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The Casuistry Of Duelling
by [?]

[Footnote 1: This appeared in Tait’s Magazine for February, 1841. Although practically an independent paper, it was included in the series entitled ‘Sketches of Life and Manners; from the Autobiography of an English Opium-Eater.’ The reference to Allan Cunningham occurs in the previous chapter of these ‘Sketches.’–H. ]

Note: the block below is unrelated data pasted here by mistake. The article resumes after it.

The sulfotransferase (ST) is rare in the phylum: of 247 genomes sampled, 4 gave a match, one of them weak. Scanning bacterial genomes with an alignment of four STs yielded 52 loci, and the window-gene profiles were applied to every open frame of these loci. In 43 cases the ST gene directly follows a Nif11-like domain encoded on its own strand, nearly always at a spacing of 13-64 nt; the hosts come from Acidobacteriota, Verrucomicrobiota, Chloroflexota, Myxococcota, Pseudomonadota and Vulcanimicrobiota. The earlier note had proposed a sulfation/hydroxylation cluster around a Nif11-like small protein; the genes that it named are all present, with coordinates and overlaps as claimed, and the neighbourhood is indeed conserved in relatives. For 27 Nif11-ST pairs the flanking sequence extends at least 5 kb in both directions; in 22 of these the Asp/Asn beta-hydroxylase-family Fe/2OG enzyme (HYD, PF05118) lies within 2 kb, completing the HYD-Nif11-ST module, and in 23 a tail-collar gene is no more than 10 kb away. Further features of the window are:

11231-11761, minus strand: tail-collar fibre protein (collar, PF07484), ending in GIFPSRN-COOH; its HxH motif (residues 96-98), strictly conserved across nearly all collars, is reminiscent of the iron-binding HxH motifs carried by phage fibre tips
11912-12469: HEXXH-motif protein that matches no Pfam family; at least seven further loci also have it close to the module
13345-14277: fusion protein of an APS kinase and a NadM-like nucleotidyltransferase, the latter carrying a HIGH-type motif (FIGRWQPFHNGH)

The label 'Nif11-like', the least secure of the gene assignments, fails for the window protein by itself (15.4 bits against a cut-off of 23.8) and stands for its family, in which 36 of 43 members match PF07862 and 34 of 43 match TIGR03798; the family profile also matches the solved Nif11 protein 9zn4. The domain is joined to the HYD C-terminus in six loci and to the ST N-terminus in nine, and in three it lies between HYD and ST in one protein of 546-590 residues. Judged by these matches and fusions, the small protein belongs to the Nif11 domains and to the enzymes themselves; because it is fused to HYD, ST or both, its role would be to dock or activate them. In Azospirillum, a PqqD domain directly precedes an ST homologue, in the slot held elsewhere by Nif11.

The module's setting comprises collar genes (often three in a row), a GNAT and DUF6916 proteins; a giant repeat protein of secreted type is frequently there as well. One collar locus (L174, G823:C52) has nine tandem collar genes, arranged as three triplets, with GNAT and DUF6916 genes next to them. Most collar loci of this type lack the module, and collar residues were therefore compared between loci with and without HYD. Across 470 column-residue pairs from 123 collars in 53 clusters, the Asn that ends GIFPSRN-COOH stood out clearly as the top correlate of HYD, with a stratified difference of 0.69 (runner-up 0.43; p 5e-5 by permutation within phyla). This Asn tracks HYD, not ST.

Here, then, are objections sound and deep, to casuistry, as managed in the Romish church. Every possible objection ever made to auricular confession applies with equal strength to casuistry; and some objections, besides these, are peculiar to itself. And yet, after all, these are but objections to casuistry as treated by a particular church. Casuistry in itself–casuistry as a possible, as a most useful, and a most interesting speculation–remains unaffected by any one of these objections; for none applies to the essence of the case, but only to its accidents, or separable adjuncts. Neither is this any curious or subtle observation of little practical value. The fact is as far otherwise as can be imagined–the defect to which I am here pointing, is one of the most clamorous importance. Of what value, let me ask, is Paley’s Moral Philosophy? What is its imagined use? Is it that in substance it reveals any new duties, or banishes as false any old ones? No; but because the known and admitted duties–duties recognised in every system of ethics–are here placed (successfully or not) upon new foundations, or brought into relation with new principles not previously perceived to be in any relation whatever. This, in fact, is the very meaning of a theory[2] or contemplation, [[Greek: Theoria],] when A, B, C, old and undisputed facts have their relations to each other developed. It is not, therefore, for any practical benefit in action, so much as for the satisfaction of the understanding, when reflecting on a man’s own actions, the wish to see what his conscience or his heart prompts reconciled to general laws of thinking–this is the particular service performed by Paley’s Moral Philosophy. It does not so much profess to tell what you are to do, as the why and the wherefore; and, in particular, to show how one rule of action may be reconciled to some other rule of equal authority, but which, apparently, is in hostility to the first. Such, then, is the utmost and highest aim of the Paleyian or the Ciceronian ethics, as they exist. Meantime, the grievous defect to which I have adverted above–a defect equally found in all systems of morality, from the Nichomachean ethics of Aristotle downwards–is the want of a casuistry, by way of supplement to the main system, and governed by the spirit of the very same laws, which the writer has previously employed in the main body of his work. And the immense superiority of this supplementary section, to the main body of the systems, would appear in this, that the latter I have just been saying, aspires only to guide the reflecting judgment in harmonising the different parts of his own conduct, so as to bring them under the same law; whereas the casuistical section, in the supplement, would seriously undertake to guide the conduct, in many doubtful cases, of action–cases which are so regarded by all thinking persons. Take, for example, the case which so often arises between master and servant, and in so many varieties of form–a case which requires you to decide between some violation of your conscience, on the one hand, as to veracity, by saying something that is not strictly true, as well as by evading (and that is often done) all answer to inquiries which you are unable to meet satisfactorily–a violation of your conscience to this extent, and in this way; or, on the other hand, a still more painful violation of your conscience in consigning deliberately some young woman–faulty, no doubt, and erring, but yet likely to derive a lesson from her own errors, and the risk to which they have exposed her–consigning her, I say, to ruin, by refusing her a character, and thus shutting the door upon all the paths by which she might retrace her steps. This I state as one amongst the many cases of conscience daily occurring in the common business of the world. It would surprise any reader to find how many they are; in fact, a very large volume might be easily collected of such cases as are of ordinary occurrence. Casuistry, the very word casuistry expresses the science which deals with such cases: for as a case, in the declension of a noun, means a falling away, or a deflection from the upright nominative (rectus), so a case in ethics implies some falling off, or deflection from the high road of catholic morality. Now, of all such cases, one, perhaps the most difficult to manage, the most intractable, whether for consistency of thinking as to the theory of morals, or for consistency of action as to the practice of morals, is the case of DUELLING.